principal components. In detail, one tenth of elements are randomly removed
from the data matrix, then sPCA is applied on the imputed matrix to optimize
sparsity parameters. The number of principal components is determined by using the
Akaike information criterion [4]. Then
CCA is applied on $$$Y_r$$$ to maximize the canonical correlation
between imaging modalities. Finally, the spatial maps corresponding to $$$A_r$$$ can be obtained as $$$C_r=A_r^+X_r$$$. *Methods comparison:* sPCA+CCA was compared with previously
introduced fusion methods including PCA+CCA [5], parallel ICA [6] and sparse CCA
(sCCA). Two sample t-tests with unequal variances were applied on each
component of modulation profiles $$$A_r$$$. Receiver
operating characteristic (ROC) method was performed on $$$A_r$$$ to determine group separation for each
component and the area under ROC ($$$AUC$$$) was calculated.### Results

The principal components
having largest variance from sPCA and PCA are shown in Fig.2. No threshold is
applied for both ECM maps (Fig.2a) and VBM maps (Fig.2b). In sPCA, around 70%
of voxels have been specified as zero at the optimal sparsity level. As can be
seen in Fig.2, sPCA keeps high-weight voxels in the default mode network but
removes most low-weight voxels. Fig.3 and Fig.4 show the most significant
group-discriminant ECM and VBM z-score maps from sPCA+CCA, PCA+CCA, parallel
ICA and sCCA with threshold $$$|z|>2$$$. The clusters in the spatial
maps passing corrected $$$p<0.05$$$ are listed in Table1. In the ECM dataset, only
the component from sPCA+CCA is significant (corrected $$$p=0.018, AUC=0.76$$$). In the VBM dataset, the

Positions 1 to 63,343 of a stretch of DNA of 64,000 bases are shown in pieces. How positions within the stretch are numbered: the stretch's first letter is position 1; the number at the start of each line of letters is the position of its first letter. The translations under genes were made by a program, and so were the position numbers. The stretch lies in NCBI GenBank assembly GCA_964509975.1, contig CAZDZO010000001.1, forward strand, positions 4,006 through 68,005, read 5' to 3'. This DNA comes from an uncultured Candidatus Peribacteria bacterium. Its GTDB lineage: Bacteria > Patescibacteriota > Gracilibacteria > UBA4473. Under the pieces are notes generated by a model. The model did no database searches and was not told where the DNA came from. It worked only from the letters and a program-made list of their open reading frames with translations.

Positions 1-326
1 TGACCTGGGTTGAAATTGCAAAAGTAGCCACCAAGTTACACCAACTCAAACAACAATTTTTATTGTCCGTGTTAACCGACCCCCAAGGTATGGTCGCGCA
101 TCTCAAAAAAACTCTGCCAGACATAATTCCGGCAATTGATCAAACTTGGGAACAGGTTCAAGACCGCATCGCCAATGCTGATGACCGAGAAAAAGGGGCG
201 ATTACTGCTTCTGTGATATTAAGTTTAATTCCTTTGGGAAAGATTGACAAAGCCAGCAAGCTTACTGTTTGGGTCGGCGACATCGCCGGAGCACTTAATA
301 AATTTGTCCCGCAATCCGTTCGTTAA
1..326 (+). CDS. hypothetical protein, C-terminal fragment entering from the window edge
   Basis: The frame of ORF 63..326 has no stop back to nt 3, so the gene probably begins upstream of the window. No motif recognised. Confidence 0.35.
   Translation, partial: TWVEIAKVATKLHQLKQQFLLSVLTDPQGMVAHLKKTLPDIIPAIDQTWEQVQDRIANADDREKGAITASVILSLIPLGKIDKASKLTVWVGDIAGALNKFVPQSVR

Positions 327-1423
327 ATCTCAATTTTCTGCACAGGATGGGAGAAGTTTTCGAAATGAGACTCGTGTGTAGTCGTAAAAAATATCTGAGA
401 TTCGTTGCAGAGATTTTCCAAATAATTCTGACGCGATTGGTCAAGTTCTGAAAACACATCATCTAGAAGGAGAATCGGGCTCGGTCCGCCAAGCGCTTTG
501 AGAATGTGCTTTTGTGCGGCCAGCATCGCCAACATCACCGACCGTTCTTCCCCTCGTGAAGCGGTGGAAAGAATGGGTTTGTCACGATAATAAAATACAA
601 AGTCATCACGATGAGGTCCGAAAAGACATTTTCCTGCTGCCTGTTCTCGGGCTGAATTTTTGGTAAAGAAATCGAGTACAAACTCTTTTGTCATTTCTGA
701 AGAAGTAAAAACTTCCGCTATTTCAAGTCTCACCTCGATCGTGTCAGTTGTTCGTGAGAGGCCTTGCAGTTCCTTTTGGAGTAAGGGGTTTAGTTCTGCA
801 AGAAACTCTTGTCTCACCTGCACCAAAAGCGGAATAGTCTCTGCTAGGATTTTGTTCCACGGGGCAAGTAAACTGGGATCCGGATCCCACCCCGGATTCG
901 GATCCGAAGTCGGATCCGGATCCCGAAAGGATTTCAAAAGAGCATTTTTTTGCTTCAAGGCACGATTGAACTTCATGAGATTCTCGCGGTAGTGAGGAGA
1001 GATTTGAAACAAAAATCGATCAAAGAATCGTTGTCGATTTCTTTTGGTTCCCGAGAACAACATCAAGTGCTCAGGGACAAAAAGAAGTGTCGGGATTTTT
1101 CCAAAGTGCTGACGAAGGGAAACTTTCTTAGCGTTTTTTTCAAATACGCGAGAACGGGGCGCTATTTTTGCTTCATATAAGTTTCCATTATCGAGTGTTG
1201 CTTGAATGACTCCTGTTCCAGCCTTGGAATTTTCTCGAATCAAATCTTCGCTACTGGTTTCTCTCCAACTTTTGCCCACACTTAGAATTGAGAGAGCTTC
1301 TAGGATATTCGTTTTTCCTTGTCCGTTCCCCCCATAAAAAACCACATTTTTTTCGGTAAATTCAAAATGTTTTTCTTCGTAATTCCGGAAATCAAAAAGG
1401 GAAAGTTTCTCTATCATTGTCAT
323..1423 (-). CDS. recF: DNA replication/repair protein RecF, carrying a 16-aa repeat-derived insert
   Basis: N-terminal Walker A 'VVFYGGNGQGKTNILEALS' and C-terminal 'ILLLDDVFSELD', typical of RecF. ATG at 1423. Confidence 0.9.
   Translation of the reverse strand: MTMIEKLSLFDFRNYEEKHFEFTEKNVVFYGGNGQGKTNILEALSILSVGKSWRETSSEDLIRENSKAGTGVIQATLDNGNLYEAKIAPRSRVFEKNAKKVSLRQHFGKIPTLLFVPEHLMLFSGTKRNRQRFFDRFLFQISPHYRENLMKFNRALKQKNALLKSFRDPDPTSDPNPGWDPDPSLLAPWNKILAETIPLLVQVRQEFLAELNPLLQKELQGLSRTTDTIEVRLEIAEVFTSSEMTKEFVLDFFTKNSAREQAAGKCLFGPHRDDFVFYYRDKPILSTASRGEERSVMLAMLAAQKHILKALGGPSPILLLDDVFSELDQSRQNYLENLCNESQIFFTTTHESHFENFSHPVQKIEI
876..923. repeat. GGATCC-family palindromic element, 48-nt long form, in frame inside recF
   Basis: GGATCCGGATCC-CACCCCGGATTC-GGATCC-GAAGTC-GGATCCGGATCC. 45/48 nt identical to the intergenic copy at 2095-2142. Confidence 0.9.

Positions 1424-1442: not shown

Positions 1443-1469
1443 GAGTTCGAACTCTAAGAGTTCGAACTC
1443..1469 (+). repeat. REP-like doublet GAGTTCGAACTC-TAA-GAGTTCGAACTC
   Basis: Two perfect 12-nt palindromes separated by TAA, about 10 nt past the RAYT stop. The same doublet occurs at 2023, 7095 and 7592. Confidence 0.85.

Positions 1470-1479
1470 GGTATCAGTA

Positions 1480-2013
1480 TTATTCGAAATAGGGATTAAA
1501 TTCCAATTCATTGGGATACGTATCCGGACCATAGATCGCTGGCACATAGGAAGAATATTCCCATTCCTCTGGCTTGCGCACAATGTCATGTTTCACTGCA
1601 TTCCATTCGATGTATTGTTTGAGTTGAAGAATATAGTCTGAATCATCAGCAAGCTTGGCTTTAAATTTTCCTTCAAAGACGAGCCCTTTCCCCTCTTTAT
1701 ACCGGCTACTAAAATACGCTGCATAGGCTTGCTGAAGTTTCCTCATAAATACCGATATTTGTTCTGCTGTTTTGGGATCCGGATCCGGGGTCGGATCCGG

component from sPCA+CCA is the most significant among these four fusion methods
and there is no significant component in sCCA (sPCA+CCA: corrected $$$p=2.2 \times 10^{-4}, AUC=0.83$$$; PCA+CCA: corrected $$$p=7.5 \times 10^{-3}, AUC=0.79$$$; parallel ICA: corrected $$$p=1.9 \times 10^{-3}, AUC=0.78$$$). Overall, sPCA+CCA has the strongest statistical power in discriminating
MCI from NC in terms of $$$AUC$$$. ### Discussion

We have proposed a sPCA
method to eliminate irrelevant voxels and developed an imputation method to
control the signal sparsity level and number of principal components. Furthermore,
sPCA was applied together with CCA to fuse fMRI and T1 images. Compared with
three state-of-the-art fusion methods, the components obtained from sPCA+CCA in
both modalities are most group-discriminative. The default mode network in ECM
and hippocampus in VBM found by sPCA+CCA corroborate with other studies [7, 8]. ### Conclusion

sPCA is a powerful method
for sparse regularization and dimensionality reduction. In addition, sPCA is
completely data-driven and self-adaptive without user intervention.### Acknowledgements

The study is
supported by the National Institutes of Health (grant number 1R01EB014284 and
P20GM109025). Data collection and sharing for this project was funded by the ADNI
(National Institutes of Health Grant U01 AG024904) and DOD ADNI (Department of
Defense award number W81XWH-12-2-0012). ### References